I’m a bookworm. And ever since having kids, I hate investing time in duds. Therefore, I always appreciate a good recommendation and thought you might as well.
I only recommend what I like, so if your sensibilities overlap with mine, you might like the following books.*
They are organized according to type, so I’ve got you covered whether you want esoteric details about your muscles or insight into Mindy Kaling’s forays.
Anatomy and Fitness
A really good read that illuminates exercise science through a series of questions and answers. I read everything straight through, but the book is formatted so you can peruse according to your interests. If you want to know more about the science of exercise, this is a good first stop. Oh, and Alex Hutchinson has a PhD in physics, so he’s smart, which helps make the book even more readable.
I’m not a regular yogi, but I can appreciate yoga’s benefit for relaxation and mobility. Therefore, I incorporate yoga into my workouts. However, I also love a good debunking, so this book hit the right note for me (critical of myths, but not critical of yoga). If anything, it probably errs on the side of too much adoration, but the history lesson is very cool.
Epstein looks at the genetic science behind athletic performance to determine if nature or nurture causes sports success. He dismantles Gladwell’s 10,000 hour rule early in the book and moves on to discuss elite athletes from around the world. As a nonscientist nonprofessional athlete, I wasn’t sure how much I’d like the book, but it turned out to be one of the most engaging nonfiction books I’ve read.
Physical therapist Blandine Calais-Germain’s series of movement books have been invaluable in teaching me about movement mechanics and anatomy. She goes deep into topics and made me think about the body in new ways. I don’t treat the books, or any books, as the final word on movement, but No Risk Abs is great to have on your bookshelf.
If you like textbooks and information overload, this is the book for you. I’ve noticed that Kari Bo’s name isn’t tossed around as much as that of other physical therapists, but her research is awesome. She also does a great job of analyzing the evidence base for pelvic floor rehab. Indeed, this book is my #1 go-to source for all things pelvic floor.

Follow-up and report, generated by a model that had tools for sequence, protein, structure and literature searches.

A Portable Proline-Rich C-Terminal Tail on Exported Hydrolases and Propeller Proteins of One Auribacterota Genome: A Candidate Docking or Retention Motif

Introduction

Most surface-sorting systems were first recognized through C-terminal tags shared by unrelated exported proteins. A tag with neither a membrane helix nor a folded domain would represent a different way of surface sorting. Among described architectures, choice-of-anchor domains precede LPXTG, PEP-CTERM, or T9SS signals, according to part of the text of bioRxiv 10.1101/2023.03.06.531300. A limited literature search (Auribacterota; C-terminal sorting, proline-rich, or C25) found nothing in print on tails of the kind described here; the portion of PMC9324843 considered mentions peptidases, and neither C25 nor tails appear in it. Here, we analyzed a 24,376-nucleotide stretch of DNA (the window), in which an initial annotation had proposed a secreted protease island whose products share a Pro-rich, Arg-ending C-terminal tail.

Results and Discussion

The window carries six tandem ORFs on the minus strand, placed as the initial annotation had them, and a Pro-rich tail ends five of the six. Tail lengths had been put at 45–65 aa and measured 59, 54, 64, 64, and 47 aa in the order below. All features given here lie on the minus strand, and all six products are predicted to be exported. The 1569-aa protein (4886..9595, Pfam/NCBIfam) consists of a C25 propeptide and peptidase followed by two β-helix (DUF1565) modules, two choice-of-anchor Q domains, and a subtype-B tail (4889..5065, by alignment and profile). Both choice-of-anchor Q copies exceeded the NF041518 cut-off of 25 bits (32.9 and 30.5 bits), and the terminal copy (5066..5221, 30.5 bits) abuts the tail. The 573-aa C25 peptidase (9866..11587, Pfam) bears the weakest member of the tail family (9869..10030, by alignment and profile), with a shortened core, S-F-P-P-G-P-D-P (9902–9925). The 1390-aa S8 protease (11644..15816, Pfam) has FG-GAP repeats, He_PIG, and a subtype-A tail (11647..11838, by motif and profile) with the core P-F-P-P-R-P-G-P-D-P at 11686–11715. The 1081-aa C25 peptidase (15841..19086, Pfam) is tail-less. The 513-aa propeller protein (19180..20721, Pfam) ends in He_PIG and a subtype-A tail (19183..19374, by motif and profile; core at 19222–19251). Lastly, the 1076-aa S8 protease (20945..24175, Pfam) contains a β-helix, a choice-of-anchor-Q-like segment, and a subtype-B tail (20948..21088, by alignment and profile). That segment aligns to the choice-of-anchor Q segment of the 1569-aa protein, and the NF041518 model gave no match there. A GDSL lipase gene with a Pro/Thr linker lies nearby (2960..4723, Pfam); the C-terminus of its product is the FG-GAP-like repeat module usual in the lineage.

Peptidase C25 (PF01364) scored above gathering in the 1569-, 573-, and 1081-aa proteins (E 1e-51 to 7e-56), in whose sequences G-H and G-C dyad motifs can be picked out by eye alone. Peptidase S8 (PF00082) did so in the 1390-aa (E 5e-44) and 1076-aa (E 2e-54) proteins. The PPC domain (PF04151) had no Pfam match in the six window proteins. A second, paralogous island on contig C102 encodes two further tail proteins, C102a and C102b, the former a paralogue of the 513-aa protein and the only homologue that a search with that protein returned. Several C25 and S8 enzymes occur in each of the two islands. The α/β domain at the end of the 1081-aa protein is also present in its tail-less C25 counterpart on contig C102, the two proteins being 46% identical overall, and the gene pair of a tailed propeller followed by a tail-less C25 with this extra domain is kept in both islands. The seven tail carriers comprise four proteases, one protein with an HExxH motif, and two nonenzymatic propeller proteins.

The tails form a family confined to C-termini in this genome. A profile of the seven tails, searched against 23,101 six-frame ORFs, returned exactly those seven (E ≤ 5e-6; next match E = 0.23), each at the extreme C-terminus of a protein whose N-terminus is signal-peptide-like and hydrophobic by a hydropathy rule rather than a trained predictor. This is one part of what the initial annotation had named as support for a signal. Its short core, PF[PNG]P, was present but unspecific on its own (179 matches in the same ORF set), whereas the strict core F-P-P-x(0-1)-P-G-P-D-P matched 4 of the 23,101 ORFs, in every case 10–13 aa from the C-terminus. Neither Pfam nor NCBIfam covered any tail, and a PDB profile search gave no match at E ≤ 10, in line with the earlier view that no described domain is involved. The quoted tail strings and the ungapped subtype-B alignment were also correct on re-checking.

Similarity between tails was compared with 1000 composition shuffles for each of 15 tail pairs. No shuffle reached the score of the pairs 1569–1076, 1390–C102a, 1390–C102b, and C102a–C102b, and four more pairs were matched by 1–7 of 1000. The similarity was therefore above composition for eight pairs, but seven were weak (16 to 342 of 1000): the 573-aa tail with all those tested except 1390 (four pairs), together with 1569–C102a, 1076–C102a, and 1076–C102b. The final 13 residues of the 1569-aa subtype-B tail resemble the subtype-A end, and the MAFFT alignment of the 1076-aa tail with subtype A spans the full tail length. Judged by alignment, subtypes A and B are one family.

Diane Lee’s work is not without controversy, and I’m not sure where I stand. However, this textbook is essential reading for anyone who wants to participate in conversations about pelvic floor rehabilitation techniques. If you work with women who have pelvic floors (as in all women), consider this book.
Timothy Caulfield works in public health policy and looks at topics I’ve thought about at length — exercise, nutrition, alternative medicine, big pharma — but in a fresh and concise way. The book is myth-busting at its finest. I also welcome Caulfield’s admonition that we must define fitness as an actual physical state that enhances one’s health, not just as the appearance of a physical state that enhances health. Yes, let’s do that!
In a nutshell, Dr. Yoni Freedhoff argues that diets are dumb because they make life miserable and don’t keep weight off. He explains it better in the book. His advice is do-able, reasonable, and evidence-based. That’s a great combination. His mantra is sustainable change that you can maintain over a lifetime. This is what separates good advice from bad advice.
Brian Wansink directs the Cornell Food and Brand Lab. He’s done loads of social science experiments looking at why we eat how much we eat. His conclusions reveal that we all eat mindlessly (hence the title) and are influenced by food cues. If you think you aren’t a mindless eater, you’re wrong. This is why looking at our food environment is more important than forcing willpower.
The name sums it up. This book put into words so many of my feelings about diet camps. Humans can eat in lots of different ways and there is no One True Way of eating, as he calls it. Overall, this book made me remember that food obsession about the minutiae of what you eat is a #firstworldproblem.
Psychology and/or Body Image
I tried reading Stoicism’s original texts, but after a few hundred pages of Seneca and Aurelius, I had to admit I wasn’t enjoying it all that much. In his introduction, Irvine promises, “I will act as a conduit for the advice offered by Stoic philosophers 2,000 years ago.” He is a wonderful and relevant conduit.